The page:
Using food as medicine has been practised by ancient civilizations, from the Egyptians and the Sumerians to the Chinese and the Indians. As techniques have become more sophisticated and technology has developed, this convergence of food, biomedical research and technology was coined “nutraceuticals” by Stephen L. DeFelice, founder and chairman of the Foundation of Innovation Medicine, in 1989. The link between nutrition and pharmaceuticals, two of the foundations of modern thinking on health and wellbeing, is clear.
Depending on the product, nutraceuticals may claim to prevent chronic diseases, improve health, delay the aging process, increase life expectancy, or support the normal functioning of the body. Such products are increasingly becoming part of daily life for many in the west, encompassing dietary supplements such as vitamins and minerals, herbal mixtures, and protein supplements; functional foods such as omega fatty acids, probiotics, branded iodinated foods and branded wheat flour; and functional beverages, including energy and sports drinks, and fortified juices and waters.
Dietary supplements contain nutrients derived from food products and concentrated in liquid or capsule form. In order to sell these products to U.S. markets, companies must register their manufacturing facilities with the Food and Drug Administration. Functional foods, on the other hand, are enriched or fortified foods close to their natural state. This practice can either restore the nutrient content of a foodstuff to the levels it contained before processing, or adds complementary nutrients.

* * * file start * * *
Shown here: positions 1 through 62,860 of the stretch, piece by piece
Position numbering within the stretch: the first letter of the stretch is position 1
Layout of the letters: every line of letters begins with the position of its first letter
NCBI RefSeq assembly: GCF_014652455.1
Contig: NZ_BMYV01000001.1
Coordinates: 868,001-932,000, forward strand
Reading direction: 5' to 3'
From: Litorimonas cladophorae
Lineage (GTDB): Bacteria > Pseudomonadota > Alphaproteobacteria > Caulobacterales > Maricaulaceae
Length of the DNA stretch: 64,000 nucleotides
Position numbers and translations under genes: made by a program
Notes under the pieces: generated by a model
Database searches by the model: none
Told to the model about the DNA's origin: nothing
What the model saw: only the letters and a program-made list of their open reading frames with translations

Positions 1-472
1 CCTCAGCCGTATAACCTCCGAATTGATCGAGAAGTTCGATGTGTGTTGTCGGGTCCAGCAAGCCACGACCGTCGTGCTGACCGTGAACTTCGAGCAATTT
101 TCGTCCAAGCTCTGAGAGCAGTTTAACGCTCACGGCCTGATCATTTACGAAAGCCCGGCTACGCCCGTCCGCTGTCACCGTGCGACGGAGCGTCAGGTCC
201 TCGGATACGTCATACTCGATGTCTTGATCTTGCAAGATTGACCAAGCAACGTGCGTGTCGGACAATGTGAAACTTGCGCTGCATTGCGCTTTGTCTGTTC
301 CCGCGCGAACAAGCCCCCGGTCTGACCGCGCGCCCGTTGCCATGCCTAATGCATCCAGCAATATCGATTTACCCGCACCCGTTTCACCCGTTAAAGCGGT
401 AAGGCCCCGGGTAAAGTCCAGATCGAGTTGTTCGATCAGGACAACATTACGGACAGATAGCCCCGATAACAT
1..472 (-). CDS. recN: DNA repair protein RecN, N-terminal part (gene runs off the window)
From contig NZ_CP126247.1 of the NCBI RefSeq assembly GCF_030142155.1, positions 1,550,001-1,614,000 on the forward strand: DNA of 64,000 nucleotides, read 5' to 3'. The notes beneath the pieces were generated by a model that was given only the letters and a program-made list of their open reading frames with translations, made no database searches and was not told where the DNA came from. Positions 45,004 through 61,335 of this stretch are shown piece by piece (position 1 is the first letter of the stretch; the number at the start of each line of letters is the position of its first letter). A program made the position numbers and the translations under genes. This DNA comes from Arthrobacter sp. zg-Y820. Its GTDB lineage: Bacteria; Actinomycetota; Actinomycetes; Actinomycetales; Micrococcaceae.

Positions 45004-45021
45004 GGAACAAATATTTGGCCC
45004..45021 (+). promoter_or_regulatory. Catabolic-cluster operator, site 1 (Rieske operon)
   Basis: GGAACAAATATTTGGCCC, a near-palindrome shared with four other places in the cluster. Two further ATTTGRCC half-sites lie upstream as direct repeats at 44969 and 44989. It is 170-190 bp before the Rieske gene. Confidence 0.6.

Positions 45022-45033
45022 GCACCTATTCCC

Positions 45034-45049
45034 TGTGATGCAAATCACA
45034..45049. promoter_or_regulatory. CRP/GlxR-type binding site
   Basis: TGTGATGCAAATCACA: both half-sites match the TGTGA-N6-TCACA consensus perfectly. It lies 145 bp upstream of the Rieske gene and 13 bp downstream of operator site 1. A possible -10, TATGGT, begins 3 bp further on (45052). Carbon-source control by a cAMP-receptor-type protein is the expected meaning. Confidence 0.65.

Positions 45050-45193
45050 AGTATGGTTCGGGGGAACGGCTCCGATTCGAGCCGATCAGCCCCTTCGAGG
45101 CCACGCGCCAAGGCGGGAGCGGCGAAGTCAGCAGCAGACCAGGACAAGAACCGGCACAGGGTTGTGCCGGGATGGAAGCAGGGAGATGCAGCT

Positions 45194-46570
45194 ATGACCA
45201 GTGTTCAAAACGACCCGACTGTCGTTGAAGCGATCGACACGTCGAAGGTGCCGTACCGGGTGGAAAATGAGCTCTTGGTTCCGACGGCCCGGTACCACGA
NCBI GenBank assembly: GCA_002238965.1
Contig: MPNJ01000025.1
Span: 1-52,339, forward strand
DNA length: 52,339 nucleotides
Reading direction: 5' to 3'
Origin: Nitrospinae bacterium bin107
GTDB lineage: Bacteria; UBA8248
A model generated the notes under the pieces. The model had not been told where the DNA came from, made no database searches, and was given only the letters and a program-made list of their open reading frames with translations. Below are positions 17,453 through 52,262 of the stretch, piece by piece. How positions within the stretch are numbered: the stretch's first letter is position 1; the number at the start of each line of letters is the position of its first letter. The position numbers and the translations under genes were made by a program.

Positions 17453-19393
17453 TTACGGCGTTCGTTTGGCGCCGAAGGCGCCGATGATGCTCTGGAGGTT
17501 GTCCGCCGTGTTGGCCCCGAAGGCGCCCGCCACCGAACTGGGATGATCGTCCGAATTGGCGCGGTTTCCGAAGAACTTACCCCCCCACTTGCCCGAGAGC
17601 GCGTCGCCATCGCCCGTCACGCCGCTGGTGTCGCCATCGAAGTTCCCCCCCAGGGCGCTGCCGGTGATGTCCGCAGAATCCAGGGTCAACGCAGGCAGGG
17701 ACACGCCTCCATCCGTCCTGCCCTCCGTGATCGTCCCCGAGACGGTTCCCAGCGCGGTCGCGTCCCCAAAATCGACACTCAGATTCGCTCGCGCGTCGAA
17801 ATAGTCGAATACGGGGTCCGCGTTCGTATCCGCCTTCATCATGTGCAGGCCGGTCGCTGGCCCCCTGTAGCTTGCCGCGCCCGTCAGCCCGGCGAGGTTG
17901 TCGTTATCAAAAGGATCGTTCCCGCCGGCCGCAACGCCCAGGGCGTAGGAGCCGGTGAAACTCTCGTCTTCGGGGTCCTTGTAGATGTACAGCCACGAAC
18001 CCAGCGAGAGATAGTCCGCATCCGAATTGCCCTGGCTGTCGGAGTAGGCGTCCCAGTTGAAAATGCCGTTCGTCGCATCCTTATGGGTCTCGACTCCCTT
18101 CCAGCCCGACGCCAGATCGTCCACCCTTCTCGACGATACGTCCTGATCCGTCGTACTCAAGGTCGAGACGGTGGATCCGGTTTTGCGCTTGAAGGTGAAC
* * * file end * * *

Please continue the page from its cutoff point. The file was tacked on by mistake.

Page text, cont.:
"In 2015, the global market for nutraceuticals was valued at $182.6 billion, with the United States, Europe and Japan accounting for almost 93% of global demand"
In 2015, the global market for nutraceuticals was valued at $182.6 billion, with the United States, Europe and Japan accounting for almost 93% of global demand. As these markets reach maturity, manufacturers are looking at emerging players such as India and China to supplement production.
The functional food segment accounted for almost one third of the total, making it the largest sub-segment within nutraceuticals. Forecasts suggest compound average growth for the entire segment at more than 7% per year to 2021, to create a market worth almost $280 billion. Market leaders maintain gross profit margins of between 60% and 70%.
Having developed on the outskirts of the pharmaceutical industry, regulation is less prevalent, allowing for new formulations and technologies to be trialled. As consumers demonstrate greater awareness of the effect of food and pharmaceuticals on their bodies, nutraceuticals are becoming increasingly popular among a demographic with higher disposable income than their predecessors. Furthermore, lifestyle choices such as vegetarianism and gluten-free regimes are prompting a move to fortified food items to supplement restricted diets.